The U.S. Senate has confirmed Andrew Brasher to the U.S. Court of Appeals for the 11th Circuit on a 52-43 vote. Overall, the Senate has confirmed 188 of President Trump’s Article III judicial nominees—two Supreme Court justices, 51 appellate court judges, 133 district court judges, and two U.S. Court of International Trade judges—since January 2017. Brasher is the first Article III judge the Senate has confirmed in 2020.
Brasher is a judge on the U.S. District Court for the Middle District of Alabama. President Trump nominated Brasher to that court in 2018 and he was confirmed in 2019. From 2014 to 2019, Brasher was the solicitor general of Alabama. He received his B.A., summa cum laude, from Samford University in 2002 and his J.D., cum laude, from Harvard Law School in 2006. Brasher was a member of the Harvard Law Review from 2004 to 2006.
Sen. Doug Jones (D-Ala.) voted against Brasher’s confirmation to the U.S. Court of Appeals for the 11th Circuit. Sen. Richard Shelby (R-Ala.) voted in favor of the confirmation. Jones and Shelby are the U.S. senators from Brasher’s home state.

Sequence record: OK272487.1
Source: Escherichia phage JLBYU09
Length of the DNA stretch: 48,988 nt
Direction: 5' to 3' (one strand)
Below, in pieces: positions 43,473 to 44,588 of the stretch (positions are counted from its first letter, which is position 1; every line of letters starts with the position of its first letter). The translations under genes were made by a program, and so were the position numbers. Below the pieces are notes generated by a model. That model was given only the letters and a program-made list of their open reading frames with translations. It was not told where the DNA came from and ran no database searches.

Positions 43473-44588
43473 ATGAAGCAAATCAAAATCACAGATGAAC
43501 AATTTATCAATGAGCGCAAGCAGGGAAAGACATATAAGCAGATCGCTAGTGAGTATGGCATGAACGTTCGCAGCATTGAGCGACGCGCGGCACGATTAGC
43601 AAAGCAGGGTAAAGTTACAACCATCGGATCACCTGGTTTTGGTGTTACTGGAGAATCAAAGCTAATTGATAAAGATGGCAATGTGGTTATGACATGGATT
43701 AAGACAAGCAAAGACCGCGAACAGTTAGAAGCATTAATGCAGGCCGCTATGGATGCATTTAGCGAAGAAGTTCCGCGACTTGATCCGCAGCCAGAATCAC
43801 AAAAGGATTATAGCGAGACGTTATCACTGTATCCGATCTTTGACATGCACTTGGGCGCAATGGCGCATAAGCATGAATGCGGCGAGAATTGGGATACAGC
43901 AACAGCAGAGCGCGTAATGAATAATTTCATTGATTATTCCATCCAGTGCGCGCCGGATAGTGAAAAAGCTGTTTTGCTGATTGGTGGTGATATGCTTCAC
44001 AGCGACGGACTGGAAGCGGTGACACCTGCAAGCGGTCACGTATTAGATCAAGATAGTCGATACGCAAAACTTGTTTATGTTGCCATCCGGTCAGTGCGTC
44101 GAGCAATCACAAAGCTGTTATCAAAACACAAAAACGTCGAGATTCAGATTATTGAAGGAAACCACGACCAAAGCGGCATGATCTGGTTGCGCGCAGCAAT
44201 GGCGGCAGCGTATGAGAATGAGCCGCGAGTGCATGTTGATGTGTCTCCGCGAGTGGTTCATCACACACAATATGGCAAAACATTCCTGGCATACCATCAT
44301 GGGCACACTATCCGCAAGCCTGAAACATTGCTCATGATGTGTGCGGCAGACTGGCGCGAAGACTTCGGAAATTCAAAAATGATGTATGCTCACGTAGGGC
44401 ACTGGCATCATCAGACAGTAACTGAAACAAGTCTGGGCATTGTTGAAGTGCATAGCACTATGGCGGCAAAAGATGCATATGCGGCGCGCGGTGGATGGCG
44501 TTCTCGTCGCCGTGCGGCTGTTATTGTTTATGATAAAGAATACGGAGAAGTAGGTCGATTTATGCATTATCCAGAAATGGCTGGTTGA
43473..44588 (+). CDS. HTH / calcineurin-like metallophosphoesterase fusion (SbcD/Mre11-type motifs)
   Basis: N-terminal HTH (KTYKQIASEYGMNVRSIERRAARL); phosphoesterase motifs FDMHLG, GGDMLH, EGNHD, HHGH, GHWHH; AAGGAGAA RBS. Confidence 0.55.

When Brasher receives commission, he will succeed Judge Ed Carnes, who will assume senior status upon Brasher’s swearing-in. At that time, the court will have no vacancies, seven Republican-appointed judges, and five Democrat-appointed judges.
The 11th Circuit was the third appellate court to change from a majority of Democrat-appointed judges to Republican-appointed judges since President Trump took office. The change took place when Judges Robert Luck and Barbara Lagoa received commission. The 2nd and 3rd Circuits also changed from majority Democrat-appointed to majority Republican-appointed judges during the Trump administration.
There are 13 U.S. courts of appeal. They are the intermediate appellate courts of the United States federal court system.